When we hear a song that we already know, we can identify it even if it is not an exact version of the original. If it sounds higher or lower, faster or slower, or if the instruments are different from the known version, humans can identify it even if there are these superficial changes to the melody. New research explores the extent to which this skill is based on skills that are also present in other animals, i.e., not unique to humans.


Phys.org - latest science and technology news stories Phys.org internet news portal provides the latest news on science including: Physics, Nanotechnology, Life Sciences, Space Science, Earth Science, Environment, Health and Medicine.

  • Developmental origin of the adrenal cortex in...
    on May 20, 2022 at 1:38 pm

    Sitting atop each kidney and measuring only around two centimeters long, the adrenal glands are tiny but mighty. These glands produce steroid hormones, including those involved in stress response, blood pressure maintenance, and fertility. When their development goes awry, it can cause a life-threatening condition called primary adrenal insufficiency, also known as Addison's disease. Many of the genetics involved in this and other adrenal gland disorders remain unknown.

  • Showing you're stressed may make you more likeable
    on May 16, 2022 at 1:48 pm

    Humans behave in strange ways. We readily reveal our inner feelings during moments of weakness, which doesn't seem like the smart thing to do.

  • Bolder marmoset monkeys learn faster than shy ones
    on May 9, 2022 at 4:59 pm

    Individual traits seem to drive our learning success: for instance, conscientious individuals often show higher academic performance. A group of cognitive and behavioral biologists from University of Vienna conducted personality assessments and a battery of learning tests with common marmosets and found that such a link, intertwined with family group membership, exists in these monkeys, too. The study results were recently published in the journal Scientific Reports.

  • Malaysia's 'mystery monkey' appears to be a...
    on May 6, 2022 at 2:22 pm

    An international team of researchers has found evidence that suggests Malaysia's "mystery monkey" is a hybrid between a proboscis monkey and a silvery langur. In their paper published in the International Journal of Primatology, the group describes their analysis of pictures taken of the monkey and how they came to their assessment about its origins.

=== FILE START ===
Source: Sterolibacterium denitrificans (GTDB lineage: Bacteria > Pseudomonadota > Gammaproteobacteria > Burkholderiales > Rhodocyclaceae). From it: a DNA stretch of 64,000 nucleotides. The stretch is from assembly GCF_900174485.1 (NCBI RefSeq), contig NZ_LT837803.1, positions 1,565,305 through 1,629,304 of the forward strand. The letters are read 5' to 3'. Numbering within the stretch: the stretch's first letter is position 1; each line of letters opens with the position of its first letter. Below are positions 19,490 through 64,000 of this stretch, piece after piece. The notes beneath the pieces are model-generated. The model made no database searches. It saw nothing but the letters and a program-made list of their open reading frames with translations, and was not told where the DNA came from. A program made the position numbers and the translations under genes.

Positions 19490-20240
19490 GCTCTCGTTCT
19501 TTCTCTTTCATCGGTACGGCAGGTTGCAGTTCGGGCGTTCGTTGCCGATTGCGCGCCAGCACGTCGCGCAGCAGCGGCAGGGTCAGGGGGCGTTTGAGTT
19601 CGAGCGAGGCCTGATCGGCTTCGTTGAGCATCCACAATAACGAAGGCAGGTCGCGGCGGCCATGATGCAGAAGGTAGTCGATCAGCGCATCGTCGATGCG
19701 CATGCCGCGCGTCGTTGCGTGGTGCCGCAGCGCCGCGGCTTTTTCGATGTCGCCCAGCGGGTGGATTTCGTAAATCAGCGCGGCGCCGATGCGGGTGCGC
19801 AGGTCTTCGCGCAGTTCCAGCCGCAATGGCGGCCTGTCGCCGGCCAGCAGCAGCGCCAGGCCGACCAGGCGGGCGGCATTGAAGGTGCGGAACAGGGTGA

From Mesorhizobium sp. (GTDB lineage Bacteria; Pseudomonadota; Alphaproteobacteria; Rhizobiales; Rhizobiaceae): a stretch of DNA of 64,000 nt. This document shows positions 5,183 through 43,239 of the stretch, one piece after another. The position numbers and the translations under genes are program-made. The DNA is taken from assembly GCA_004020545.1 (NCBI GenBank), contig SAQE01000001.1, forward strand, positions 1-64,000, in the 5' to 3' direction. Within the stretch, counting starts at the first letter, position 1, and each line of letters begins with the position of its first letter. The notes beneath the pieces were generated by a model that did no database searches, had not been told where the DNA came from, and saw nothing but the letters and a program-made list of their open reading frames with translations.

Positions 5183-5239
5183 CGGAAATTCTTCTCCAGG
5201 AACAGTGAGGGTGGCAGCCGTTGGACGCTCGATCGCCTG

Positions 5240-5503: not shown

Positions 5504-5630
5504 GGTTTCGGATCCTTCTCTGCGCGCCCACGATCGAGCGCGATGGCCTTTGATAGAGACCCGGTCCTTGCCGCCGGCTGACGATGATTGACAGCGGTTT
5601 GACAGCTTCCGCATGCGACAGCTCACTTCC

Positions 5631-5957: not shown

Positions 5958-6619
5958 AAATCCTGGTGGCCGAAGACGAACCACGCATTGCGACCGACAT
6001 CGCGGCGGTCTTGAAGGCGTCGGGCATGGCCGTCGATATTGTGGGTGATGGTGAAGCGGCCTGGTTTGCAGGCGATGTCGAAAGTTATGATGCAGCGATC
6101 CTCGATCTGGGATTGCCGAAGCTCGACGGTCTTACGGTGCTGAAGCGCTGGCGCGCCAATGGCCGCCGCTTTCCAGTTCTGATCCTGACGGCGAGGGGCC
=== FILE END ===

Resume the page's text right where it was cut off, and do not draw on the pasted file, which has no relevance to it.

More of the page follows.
• First leaf fossil study of Borneo's rainforest...
    on April 28, 2022 at 7:00 pm

    The first study of leaf fossils conducted in the nation of Brunei on the island of Borneo has revealed that the current dominant tree group, the dipterocarps, has dominated the rainforests for at least 4 million years, according to an international research team led by Penn State in partnership with Universiti Brunei Darussalam. The findings, published in the journal PeerJ, suggest that the current landscape is similar to what was present during the Pliocene Epoch, 5.3 to 2.6 million years […]

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Related

Here are links to pages about closely related subjects.

Knowledge Realm

Terrestrial

Sphere Land, Ice, Water (Ocean), Air
Ecosystem Forest, Grassland, Desert, Arctic, Aquatic

Life Cell, Gene, Tree of Life
Microorganism
Plant Flower, Tree
Animal
Invertebrate Cuttlefish, Octopus, Ant, Bee, Butterfly, Spider, Lobster
Vertebrate Fish, Seahorse, Ray, Shark, Frog, Turtle, Tortoise, Dinosaur
Bird, Ostrich, Owl, Crow, Parrot
Mammal Bat, Rabbit, Giraffe, Camel, Horse, Elephant, Mammoth
Whale, Dolphin, Walrus, Seal, Polar Bear, Bear, Cat, Tiger, Lion, Dog, Wolf
Monkey, Chimpanzee, Human

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Notes

1.   The resources on this page are are organized by a classification scheme developed exclusively for Cosma.